Tiny cubes of tutti fruity add taste, texture and a splash of colour to the desserts, cakes and breads. However, not many know that the tutti fruity can actually increase the shelf life of a food item. It has been more than century since these little cubes of dried fruits, that are cooked in sugar syrup and given attractive colours and smell, have found a major place on our dining tables. These are often referred to as the tiny stars of the culinary world.
Tutti fruity is not just a fancy name given to a colourful food item; it is however born from an Italian word that means ‘all fruits’. These had been mentioned even in some of the English cook books, published around 150 years ago. Some documents state that the tutti fruity was sold in 1888 in the stores in New York. It could be seen in some of the hotel menus of the 1900’s.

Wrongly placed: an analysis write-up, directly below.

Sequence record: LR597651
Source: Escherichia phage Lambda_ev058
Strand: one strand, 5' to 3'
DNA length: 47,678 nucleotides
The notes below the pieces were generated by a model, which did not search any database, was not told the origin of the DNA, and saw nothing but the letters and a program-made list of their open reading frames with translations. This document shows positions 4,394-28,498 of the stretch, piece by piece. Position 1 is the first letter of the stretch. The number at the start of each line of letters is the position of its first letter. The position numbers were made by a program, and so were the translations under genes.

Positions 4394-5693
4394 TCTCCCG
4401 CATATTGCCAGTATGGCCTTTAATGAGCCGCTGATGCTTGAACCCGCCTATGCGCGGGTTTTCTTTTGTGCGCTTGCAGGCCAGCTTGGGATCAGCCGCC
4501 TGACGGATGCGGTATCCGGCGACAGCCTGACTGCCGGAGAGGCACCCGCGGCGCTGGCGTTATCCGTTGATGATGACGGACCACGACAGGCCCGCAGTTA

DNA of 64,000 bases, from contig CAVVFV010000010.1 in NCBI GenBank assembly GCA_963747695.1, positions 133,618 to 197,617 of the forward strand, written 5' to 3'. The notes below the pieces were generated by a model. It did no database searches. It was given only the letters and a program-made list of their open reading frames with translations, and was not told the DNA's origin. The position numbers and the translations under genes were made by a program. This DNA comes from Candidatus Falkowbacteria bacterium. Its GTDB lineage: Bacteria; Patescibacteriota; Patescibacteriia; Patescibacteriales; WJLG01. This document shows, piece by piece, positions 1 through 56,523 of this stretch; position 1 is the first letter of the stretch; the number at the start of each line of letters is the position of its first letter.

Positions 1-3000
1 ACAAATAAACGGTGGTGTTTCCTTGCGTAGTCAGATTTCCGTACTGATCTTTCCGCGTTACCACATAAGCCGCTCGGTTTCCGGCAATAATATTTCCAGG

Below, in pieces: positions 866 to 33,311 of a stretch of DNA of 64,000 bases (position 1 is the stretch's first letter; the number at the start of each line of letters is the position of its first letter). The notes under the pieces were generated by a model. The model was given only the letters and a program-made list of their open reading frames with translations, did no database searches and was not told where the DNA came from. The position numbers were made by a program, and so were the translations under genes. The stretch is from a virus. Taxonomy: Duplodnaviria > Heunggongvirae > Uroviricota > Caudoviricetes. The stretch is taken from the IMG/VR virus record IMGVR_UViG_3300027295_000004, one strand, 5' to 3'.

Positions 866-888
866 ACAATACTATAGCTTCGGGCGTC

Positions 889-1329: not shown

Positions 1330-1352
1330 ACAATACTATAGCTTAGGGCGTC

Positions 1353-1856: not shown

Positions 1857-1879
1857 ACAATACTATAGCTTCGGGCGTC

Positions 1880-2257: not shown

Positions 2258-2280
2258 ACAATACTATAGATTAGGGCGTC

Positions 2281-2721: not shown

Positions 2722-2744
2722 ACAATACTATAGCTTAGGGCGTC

In the western countries, sweet fruits like cherries, raisins, pineapples and dates are used to make tutti fruity. They are used in different food items in different countries. In the Netherlands and Belgium, tutti fruity is eaten as a dessert. Meanwhile, the Americans soak them in brandy.
In India, tutti fruity is mostly made using papaya. Unripe papaya is cut into tiny cubes and cooked in sugar syrup to make tutti fruity here. Artificial colours too are added to give it their iconic colours. They are added in cakes, ice creams, bread and falooda for taste and smell. Tutti fruity is a common topping that is added in desserts. Interestingly, tutti fruity has the nutritional benefits of dried fruits.
Check out how you could make tutti fruity easily at home: